Horn adds that while sugar may not be the direct cause of a kid’s sugar high, it might play a part in the crash that often follows. Refined treats such as ice cream and candy lead to a bigger, faster drop in blood sugar than other foods do, and this decline can result in mood or behavior issues. Still, Horn advises parents “to look at other things that are happening” around kids “that may also be contributing to hyperactivity” — for example, that rousing game of whack-the-pinata, a skipped nap, an abnormally late bedtime, etc.
In addition, some experts have speculated that other ingredients in candy and sugary snacks, such as food dyes, artificial preservatives and other additives, may also play a role in hyperactivity, especially for certain children. Published research shows “some hints that there are some small, specific subgroups of kids who are particularly sensitive to sugar or food additives,” says King, noting that food allergies or intolerances may play a role.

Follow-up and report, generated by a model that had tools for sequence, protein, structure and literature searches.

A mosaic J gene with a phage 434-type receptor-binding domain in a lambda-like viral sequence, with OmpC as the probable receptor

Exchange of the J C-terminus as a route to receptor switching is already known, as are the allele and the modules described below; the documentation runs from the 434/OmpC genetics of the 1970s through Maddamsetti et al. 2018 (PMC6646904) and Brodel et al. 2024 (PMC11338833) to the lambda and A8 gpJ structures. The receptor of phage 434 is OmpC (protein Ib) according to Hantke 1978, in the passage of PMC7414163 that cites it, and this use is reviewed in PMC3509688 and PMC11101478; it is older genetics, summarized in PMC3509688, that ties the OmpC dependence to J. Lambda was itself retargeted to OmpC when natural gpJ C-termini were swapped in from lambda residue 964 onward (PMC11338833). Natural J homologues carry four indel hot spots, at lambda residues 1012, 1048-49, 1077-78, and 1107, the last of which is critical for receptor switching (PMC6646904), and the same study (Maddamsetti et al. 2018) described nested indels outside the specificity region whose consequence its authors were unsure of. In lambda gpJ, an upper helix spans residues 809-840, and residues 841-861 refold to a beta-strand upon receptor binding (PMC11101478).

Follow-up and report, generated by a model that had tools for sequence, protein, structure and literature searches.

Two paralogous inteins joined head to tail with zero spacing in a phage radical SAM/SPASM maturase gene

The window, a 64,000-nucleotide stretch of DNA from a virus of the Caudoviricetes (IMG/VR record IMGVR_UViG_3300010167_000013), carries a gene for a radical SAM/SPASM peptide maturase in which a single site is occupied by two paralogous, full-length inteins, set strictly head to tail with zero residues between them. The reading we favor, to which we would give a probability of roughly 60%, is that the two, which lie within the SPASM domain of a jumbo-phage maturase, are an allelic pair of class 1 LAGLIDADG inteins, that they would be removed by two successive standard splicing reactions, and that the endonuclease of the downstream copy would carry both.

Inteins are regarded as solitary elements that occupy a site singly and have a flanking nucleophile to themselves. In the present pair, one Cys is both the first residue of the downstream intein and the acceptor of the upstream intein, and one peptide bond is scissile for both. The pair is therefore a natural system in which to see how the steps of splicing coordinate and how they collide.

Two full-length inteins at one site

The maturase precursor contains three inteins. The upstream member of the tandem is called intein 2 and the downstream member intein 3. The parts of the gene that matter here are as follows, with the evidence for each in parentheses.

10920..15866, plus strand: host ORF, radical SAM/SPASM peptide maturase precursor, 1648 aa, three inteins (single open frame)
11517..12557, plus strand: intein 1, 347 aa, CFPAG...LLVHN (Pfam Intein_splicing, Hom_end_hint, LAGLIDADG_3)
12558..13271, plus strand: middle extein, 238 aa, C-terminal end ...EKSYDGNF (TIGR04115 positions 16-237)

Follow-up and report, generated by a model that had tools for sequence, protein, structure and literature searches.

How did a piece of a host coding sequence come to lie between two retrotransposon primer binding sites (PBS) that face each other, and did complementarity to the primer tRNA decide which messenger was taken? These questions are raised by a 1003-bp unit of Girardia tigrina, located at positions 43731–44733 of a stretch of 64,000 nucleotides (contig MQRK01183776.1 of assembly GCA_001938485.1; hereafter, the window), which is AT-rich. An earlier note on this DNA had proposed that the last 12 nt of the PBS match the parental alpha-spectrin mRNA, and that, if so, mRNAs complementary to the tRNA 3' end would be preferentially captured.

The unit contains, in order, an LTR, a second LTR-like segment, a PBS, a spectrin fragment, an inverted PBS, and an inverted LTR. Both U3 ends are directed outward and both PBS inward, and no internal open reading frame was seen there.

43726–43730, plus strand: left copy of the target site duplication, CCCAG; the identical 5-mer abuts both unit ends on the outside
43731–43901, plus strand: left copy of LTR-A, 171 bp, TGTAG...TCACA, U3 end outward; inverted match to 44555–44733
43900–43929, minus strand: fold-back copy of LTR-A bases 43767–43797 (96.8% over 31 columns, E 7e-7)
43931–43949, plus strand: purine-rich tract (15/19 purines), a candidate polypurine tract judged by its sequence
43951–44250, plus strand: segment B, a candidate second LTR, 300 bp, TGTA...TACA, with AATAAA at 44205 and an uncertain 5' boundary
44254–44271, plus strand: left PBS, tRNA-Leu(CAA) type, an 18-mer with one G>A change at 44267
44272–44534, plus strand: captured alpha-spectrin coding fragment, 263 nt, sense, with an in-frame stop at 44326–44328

If your son or daughter falls into this category, there’s no harm in trying a sugar- or additive-free diet, counsels Horn. “If you feel like it makes a difference, please, by all means try it, because kids get way too much sugar, for the most part,” she says, noting that while sugar may not directly cause hyperactivity, it obviously isn’t good for you, playing a role in increased risk of cavities and other oral health issues, as well as weight gain and obesity.
If you’re not ready to ditch sweets entirely but still can’t shake the feeling that it drives your children berserk, simply try looking at that next party-induced meltdown in a different way, suggests Horn. “If you have a very balanced diet for your kid, where they’re not getting sugar all the time and they do see sweets and candy as a treat, then it makes sense that they will be excited to get them on a special occasion — just like kids get excited when they get a new toy — and that’s not a bad thing,” she explains.
“To me, when sugar is something your kid is really excited about, it indicates that maybe you’re doing something right rather than [that] something went wrong. Parents should see that as ‘You know what, it’s great that my kid is excited about this,’ and value and appreciate the treat.”